Selling chickens one part at a time

Pastured Poultry ProfitsOne of the interesting facets
Poultry Profits
that Salatin tacked on extra information at the end to show how his
business grew and changed.  One of the most recent changes to the
business model is that he finally caved in to customer requests and
began to sell his chickens by the part as well as whole.  In 2010,
he charged $3.25 per pound for a broiler, but sold parts for following

Part of the
Price per
Boneless skinless chicken breast $13.00
Chicken tenders $14.00
Legs and thighs $4.50
Wings $3.25
Backs for stock $1.00
Necks for stock $1.00
Feet for stock $1.00
Hearts and livers $3.00

As you can tell by the
more than ten-fold difference in price between the necks and tenders,
customers like some chicken parts much more than others. 
Jeffreys wrote about this concept very eloquently on his blog
, explaining that meat
producers have to ensure that the whole animal gets sold.  So even
though his customers might prefer that all of his time be devoted to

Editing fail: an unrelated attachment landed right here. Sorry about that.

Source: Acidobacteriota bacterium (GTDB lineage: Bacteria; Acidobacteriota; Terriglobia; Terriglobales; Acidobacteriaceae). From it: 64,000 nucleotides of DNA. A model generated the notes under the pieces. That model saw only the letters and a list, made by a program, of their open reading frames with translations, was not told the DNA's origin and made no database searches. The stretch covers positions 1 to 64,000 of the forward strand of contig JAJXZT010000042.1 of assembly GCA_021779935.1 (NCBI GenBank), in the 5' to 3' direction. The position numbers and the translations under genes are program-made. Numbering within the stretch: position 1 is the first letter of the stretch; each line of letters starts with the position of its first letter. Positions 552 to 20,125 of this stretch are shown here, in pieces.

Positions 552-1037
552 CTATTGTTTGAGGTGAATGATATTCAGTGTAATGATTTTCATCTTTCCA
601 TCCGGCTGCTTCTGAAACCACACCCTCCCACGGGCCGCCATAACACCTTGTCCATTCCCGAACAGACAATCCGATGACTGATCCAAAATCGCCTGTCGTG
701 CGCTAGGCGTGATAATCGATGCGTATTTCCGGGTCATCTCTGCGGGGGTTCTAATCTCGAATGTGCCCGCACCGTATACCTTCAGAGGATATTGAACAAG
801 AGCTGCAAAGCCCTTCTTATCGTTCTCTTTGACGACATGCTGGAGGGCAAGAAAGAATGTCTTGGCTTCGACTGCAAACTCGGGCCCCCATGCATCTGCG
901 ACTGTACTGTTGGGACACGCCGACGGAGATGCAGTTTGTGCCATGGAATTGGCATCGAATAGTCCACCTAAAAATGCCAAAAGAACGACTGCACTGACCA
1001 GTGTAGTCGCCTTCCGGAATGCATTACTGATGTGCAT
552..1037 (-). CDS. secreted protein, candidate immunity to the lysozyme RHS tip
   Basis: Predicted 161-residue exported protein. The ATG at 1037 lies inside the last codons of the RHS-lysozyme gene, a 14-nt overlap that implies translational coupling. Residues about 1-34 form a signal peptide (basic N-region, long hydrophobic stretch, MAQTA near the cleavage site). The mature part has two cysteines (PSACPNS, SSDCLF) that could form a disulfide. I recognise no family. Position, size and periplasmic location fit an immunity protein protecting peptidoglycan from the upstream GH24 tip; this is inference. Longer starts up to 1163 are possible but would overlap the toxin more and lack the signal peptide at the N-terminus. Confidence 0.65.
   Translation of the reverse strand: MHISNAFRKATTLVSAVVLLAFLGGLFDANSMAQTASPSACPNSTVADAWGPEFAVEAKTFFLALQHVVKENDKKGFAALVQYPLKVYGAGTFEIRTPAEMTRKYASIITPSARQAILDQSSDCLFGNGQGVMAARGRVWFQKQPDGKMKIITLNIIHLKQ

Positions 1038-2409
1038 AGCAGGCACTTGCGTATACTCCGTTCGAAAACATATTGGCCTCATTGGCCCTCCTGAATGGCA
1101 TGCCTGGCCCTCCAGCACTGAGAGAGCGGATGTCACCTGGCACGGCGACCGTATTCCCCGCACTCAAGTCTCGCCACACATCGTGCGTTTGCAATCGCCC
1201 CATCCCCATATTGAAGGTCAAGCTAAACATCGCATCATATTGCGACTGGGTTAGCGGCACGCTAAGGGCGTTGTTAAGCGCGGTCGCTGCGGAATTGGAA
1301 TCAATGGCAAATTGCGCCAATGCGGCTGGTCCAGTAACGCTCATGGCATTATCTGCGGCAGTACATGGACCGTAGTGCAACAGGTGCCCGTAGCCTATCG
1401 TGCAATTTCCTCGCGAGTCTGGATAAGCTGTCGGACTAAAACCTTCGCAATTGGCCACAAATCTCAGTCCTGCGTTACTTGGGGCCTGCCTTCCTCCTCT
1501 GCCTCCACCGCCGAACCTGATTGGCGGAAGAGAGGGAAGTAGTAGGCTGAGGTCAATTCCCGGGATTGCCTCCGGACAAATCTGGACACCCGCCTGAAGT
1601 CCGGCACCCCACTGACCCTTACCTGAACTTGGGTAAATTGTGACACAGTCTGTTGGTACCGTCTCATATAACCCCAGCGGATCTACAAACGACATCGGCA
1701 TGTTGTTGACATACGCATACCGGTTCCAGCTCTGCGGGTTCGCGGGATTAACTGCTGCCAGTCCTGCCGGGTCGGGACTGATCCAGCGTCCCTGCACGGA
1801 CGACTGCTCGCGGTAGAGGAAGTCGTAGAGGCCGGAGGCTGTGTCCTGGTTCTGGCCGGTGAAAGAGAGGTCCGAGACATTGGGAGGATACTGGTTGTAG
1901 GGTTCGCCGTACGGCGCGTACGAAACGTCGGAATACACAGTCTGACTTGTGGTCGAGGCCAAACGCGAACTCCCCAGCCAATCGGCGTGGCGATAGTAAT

making bacon (or chicken tenders in the case of Salatin’s operation),
you have to raise the price of the in-demand pieces and lower the price
of everything else until sales come out even.

Parts of a pig

Although we don’t sell
any of our meat, we had to think in a similar manner when we started to
grow your own (and to buy whole lambs from a local farmer).  Two
years ago, the only red meat I was comfortable cooking was steaks and
hamburger meat, but a whole lamb required me to learn how to roast
shoulders, stew up bones, and much more.  Like most parts of the
sustainability learning curve, the result was good for my wallet, the
earth, and our taste buds.

Which is all a long way
of saying — even if you don’t have room for chickens in your backyard
yet, you can start your journey toward self-sufficiency by simply
learning to cook with unusual cuts of meat.  Maybe then you can
afford to buy the meat from a pastured producer rather than supporting
CAFOs and factory farms.

Our POOP-free chicken waterer ensures that our broilers
stay healthy and taste delicious.

post is part of our Pastured Poultry
Profits series

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